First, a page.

Feature Health Policy

Integrated care

BMJ 2009; 338 doi: https://doi.org/10.1136/bmj.b1484 (Published 08 May 2009) Cite this as: BMJ 2009;338:b1484
  1. Nigel Hawkes, freelance journalist
  1. 1London
  1. nigel.hawkes1{at}btinternet.com

    The government hopes that integration of services will improve care, but as Nigel Hawkes reports the pilot schemes have a lot to prove

    Sixteen organisations have been chosen to pilot new models of integrated care in the English National Health Service. The scheme, announced in the Darzi review last July, aims to improve services for defined groups of patients by integrating health and social care, or primary and secondary care, or both.

    The pilots announced on 1 April include seven that will focus on long term conditions or chronic diseases, three on elderly people and end of life care, two on dementia, and one each on falls, mental health, delivery of rural health care, and substance misuse. Geographically the pilots are unevenly spread, with four in the North East Strategic Health Authority, four in the South West, but none in South Central, South East Coast, or West Midlands (box). The 16 were chosen from 100 applications.

    Winning pilots

    • Bournemouth and Poole Teaching PCT—Dementia care

    • Cambridge Assura—End of life care

    • Church View Medical Practice, Sunderland—Long term conditions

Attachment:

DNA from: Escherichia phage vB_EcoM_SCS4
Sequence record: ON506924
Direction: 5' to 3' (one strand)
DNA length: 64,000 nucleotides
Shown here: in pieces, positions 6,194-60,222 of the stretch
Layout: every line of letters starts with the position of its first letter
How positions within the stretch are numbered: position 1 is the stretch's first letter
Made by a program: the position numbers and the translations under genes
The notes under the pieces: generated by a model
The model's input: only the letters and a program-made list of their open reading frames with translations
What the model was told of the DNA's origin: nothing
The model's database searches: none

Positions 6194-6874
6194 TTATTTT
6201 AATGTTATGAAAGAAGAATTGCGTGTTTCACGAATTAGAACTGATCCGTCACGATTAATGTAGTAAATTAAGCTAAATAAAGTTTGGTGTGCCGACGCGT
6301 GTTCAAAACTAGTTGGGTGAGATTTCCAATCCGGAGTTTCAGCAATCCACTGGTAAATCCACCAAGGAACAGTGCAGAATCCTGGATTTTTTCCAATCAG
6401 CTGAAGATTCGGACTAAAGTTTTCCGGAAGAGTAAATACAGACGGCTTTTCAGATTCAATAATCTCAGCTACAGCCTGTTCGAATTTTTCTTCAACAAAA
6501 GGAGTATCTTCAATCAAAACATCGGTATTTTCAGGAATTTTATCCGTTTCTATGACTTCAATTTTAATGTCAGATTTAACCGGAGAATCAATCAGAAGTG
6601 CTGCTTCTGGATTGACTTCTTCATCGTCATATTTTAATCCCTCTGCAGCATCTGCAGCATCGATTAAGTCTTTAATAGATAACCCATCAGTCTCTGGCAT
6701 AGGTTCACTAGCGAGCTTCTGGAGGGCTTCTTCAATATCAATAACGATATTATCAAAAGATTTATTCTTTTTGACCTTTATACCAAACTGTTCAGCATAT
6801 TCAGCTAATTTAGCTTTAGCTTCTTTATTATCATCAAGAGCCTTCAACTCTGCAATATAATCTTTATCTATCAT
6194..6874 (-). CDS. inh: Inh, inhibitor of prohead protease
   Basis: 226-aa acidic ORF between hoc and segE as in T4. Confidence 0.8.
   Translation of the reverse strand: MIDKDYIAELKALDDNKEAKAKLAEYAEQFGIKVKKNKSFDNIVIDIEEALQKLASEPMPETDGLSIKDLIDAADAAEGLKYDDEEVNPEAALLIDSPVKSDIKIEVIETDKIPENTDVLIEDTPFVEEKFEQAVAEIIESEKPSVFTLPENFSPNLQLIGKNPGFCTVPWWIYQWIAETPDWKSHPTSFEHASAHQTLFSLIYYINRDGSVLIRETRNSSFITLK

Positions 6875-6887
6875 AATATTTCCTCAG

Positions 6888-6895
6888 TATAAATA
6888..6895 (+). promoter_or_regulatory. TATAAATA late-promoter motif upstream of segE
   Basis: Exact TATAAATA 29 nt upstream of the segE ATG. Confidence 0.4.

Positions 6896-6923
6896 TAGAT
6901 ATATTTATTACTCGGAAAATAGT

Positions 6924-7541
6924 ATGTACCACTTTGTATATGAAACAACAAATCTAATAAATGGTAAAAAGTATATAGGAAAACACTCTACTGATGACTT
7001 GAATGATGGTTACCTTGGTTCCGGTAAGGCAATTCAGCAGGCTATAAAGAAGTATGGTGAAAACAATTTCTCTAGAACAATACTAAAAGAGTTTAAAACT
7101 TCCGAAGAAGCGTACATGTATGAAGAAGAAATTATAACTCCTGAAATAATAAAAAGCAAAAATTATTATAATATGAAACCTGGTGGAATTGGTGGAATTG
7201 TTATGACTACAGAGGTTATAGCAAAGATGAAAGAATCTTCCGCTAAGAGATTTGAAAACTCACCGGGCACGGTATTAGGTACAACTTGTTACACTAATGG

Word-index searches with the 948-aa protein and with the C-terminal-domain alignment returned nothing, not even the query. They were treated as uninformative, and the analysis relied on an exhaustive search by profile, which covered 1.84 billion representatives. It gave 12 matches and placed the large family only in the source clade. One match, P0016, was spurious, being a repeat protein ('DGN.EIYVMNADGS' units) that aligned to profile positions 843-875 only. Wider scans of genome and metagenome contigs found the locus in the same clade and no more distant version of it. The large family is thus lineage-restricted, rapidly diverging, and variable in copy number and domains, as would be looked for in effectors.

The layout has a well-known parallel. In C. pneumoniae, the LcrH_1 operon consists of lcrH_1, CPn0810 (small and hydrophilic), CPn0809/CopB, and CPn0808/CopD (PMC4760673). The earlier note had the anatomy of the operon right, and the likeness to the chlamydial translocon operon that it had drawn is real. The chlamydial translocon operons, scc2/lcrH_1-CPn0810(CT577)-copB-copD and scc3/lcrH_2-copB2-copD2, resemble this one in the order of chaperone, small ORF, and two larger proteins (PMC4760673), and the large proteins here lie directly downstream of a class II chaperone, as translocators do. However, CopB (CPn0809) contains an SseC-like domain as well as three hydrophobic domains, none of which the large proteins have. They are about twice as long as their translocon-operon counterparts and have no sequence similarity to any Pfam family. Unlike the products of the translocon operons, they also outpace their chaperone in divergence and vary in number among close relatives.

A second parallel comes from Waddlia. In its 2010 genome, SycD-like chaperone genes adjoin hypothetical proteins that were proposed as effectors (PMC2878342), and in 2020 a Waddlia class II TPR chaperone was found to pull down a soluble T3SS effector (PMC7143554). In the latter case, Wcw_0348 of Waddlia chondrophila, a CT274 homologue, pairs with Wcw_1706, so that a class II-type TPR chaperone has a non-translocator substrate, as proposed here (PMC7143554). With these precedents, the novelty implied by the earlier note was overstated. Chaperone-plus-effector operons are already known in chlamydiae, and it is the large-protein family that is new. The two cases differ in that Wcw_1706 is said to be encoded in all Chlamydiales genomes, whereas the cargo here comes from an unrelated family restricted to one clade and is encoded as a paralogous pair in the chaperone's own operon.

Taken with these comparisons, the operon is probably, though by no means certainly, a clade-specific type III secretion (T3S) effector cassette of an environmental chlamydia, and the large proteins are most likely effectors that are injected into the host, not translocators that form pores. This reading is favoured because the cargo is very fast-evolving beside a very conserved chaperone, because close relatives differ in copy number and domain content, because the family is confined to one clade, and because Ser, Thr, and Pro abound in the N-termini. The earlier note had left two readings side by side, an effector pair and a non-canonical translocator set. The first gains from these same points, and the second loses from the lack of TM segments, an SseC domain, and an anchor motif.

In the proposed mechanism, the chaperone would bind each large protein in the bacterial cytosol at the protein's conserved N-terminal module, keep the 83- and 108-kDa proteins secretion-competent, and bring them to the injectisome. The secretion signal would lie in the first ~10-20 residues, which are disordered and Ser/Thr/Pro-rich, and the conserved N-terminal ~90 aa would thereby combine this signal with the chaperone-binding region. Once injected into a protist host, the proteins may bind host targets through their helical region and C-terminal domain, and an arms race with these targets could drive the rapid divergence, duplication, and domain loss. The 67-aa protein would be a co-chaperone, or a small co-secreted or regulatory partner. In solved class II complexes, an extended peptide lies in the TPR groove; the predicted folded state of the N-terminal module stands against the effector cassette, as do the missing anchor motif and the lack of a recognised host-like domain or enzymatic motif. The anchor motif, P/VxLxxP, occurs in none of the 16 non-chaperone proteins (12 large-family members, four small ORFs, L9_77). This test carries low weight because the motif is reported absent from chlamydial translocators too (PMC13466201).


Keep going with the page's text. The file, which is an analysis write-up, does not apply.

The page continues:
• NHS Cumbria—Chronic diseases

    • Durham Dales Integrated Care Organisation—Rural health care

    • Nene Commissioning Community Interest Company—Long term conditions

    • Newcastle Hospitals NHS Foundation Trust—Reducing falls among old people

    • Cornwall and Isles of Scilly PCT—Dementia

    • NHS Norfolk and Norfolk County Council—Care of elderly people

    • Northumbria Healthcare NHS Foundation Trust—Chronic obstructive pulmonary disease

    • North Cornwall Practice Based Commissioning Group—Mental health

    • Principia Partners in Care (Rushcliffe, Nottinghamshire)— Chronic obstructive pulmonary disease

    • NHS Tameside and Glossop—Cardiovascular disease

    • Torbay Care Trust—Care of elderly people

    • Tower Hamlets PCT—Long term conditions

    • Wakefield Integrated Substance Misuse Service—Drug misuse

    Integration has long been an article of faith among NHS commentators, and the new Care Quality Commission expresses that faith by combining the regulation of health and social care in a single organisation. But previous efforts to …

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